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Natural Infection of Norovirus and Sapovirus in A Birth Cohort in A Peruvian Periurban Community

Investigators
Gilman, Robert
Institutions
Johns Hopkins University
Start date
2015
End date
2020
Objective
Norovirus (NV) is the leading cause of diarrhea in patients of all ages worldwide. After rotavirus, NV is the 2nd most frequent cause of pediatric gastroenteritis and hospitalizations for diarrhea, and is estimated to cause 200,000 annual deaths. When rotavirus vaccination is broadly implemented, NV is likely to become the leading cause of pediatric diarrheal hospitalization and deaths. However, the true burden of NV in young children and the extent of acquired immunity remain incompletely understood. Human NV infections are divided into two predominant genogroups (GI and GII), and at least 36 genotypes. Susceptibility to NV infection is thought to be mediated by viral binding to histo-blood group antigens, whose specificity as receptors varies by NV genotype. GII type 4 (GII.4) predominates in outbreaks and sporadic infections for which data are available. An evolving series of GII.4 variants has been detected over the past decade, due to mutations in the major NV capsid protein that change the configuration of the binding site and enable evasion of herd immunity in an epidemiological pattern reminiscent of influenza. Major questions raised by the genetics of NV include the extent and duration of cross-reacting, genotype- and GII.4 variant-specific immunity, and the implications for vaccine design and testing. We propose to conduct a newborn cohort study in a peri-urban community of Lima, Peru, where we have worked since the 1980s, to address these questions in a setting of frequent natural NV infection. Our collaboration with Emory University provides access to a leading NV laboratory with the expertise and state-of-the-art reagents to evaluate naturally-acquired immunity. We begin with newborns because first infections occur very early in life. Our preliminary data demonstrate much higher genetic heterogeneity than is assumed to be the norm: 18 different genotypes were identified of which 40% were GII.4, including 5 different variants. Repeat infections with the same genotype or GII.4 variant were rare, suggesting acquired genotype-specific immunity. We proposed to extend our knowledge of NV epidemiology in endemic diarrhea in young children with this proposal to address issues key to effective vaccine design and deployment. We will quantify the role of NV genotypes in mild and moderate gastroenteritis and evaluate acquisition of protective immunity by correlating serum, saliva and stool antibodies to NVs with NV disease, infection, length of shedding and linear growth. In addition, we will evaluate the role of sapoviru as an enteric pathogen, and will explore the use of community sewage surveillance to track circulating viral strains.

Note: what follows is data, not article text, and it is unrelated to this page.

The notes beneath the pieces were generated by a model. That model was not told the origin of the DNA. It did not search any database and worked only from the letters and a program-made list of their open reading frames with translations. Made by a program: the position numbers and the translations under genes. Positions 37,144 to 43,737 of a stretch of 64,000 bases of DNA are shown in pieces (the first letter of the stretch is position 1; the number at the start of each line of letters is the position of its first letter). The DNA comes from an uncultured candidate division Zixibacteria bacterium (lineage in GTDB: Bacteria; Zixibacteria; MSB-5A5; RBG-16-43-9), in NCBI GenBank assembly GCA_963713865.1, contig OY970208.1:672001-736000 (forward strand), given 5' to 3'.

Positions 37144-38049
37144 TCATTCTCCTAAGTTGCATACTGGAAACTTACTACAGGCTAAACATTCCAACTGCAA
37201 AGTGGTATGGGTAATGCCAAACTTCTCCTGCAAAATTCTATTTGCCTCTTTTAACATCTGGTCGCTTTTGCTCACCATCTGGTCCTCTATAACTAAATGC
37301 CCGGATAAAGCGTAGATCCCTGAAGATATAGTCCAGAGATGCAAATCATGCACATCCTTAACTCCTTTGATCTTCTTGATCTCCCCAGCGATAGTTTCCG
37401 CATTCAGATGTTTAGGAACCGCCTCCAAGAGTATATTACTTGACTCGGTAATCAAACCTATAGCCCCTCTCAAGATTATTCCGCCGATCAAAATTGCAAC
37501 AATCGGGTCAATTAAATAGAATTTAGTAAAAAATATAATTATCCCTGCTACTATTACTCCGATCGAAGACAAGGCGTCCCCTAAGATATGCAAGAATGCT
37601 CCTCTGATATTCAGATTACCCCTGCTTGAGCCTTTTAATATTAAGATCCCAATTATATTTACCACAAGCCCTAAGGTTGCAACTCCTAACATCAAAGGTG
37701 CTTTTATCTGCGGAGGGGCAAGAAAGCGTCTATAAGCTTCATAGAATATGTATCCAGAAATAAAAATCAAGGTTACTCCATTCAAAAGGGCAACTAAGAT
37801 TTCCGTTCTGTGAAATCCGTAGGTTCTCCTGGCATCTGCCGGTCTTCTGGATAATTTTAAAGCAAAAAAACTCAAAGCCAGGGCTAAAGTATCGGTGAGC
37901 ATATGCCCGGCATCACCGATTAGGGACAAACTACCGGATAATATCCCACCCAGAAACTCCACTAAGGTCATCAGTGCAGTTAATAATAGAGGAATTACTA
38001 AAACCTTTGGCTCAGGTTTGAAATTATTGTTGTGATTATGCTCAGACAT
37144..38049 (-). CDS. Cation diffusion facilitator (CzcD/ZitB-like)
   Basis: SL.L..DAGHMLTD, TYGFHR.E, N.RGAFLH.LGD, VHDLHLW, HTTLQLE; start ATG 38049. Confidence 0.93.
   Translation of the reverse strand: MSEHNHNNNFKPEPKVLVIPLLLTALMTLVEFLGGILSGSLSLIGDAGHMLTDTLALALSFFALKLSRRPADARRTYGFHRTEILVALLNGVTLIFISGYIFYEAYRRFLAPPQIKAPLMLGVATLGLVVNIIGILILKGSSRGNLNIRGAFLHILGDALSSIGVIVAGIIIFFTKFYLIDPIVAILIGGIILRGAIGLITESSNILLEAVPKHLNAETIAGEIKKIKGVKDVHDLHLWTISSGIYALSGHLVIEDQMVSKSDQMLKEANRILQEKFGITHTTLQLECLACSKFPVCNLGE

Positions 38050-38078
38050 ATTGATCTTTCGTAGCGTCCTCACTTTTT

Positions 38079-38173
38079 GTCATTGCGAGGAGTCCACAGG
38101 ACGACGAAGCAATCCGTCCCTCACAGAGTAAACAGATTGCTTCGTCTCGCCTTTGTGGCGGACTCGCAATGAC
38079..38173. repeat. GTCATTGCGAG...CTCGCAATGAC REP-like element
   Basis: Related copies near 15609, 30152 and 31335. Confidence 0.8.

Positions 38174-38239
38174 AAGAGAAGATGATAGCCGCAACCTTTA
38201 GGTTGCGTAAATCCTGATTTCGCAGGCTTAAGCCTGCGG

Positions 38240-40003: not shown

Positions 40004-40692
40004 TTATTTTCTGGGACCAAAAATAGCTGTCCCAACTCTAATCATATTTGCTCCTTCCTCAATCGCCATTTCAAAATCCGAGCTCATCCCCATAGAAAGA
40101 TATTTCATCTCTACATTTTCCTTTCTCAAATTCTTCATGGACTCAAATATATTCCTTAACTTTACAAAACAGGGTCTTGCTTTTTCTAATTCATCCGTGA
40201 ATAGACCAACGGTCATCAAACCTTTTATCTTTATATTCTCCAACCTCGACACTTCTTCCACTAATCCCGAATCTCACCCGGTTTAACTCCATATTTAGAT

Funding Source
Nat'l. Inst. of Allergy and Infectious Diseases
Project source
View this project
Project number
1R01AI108695-01A1
Categories
Viruses and Prions
Parasites
Bacterial Pathogens
Prevention and Control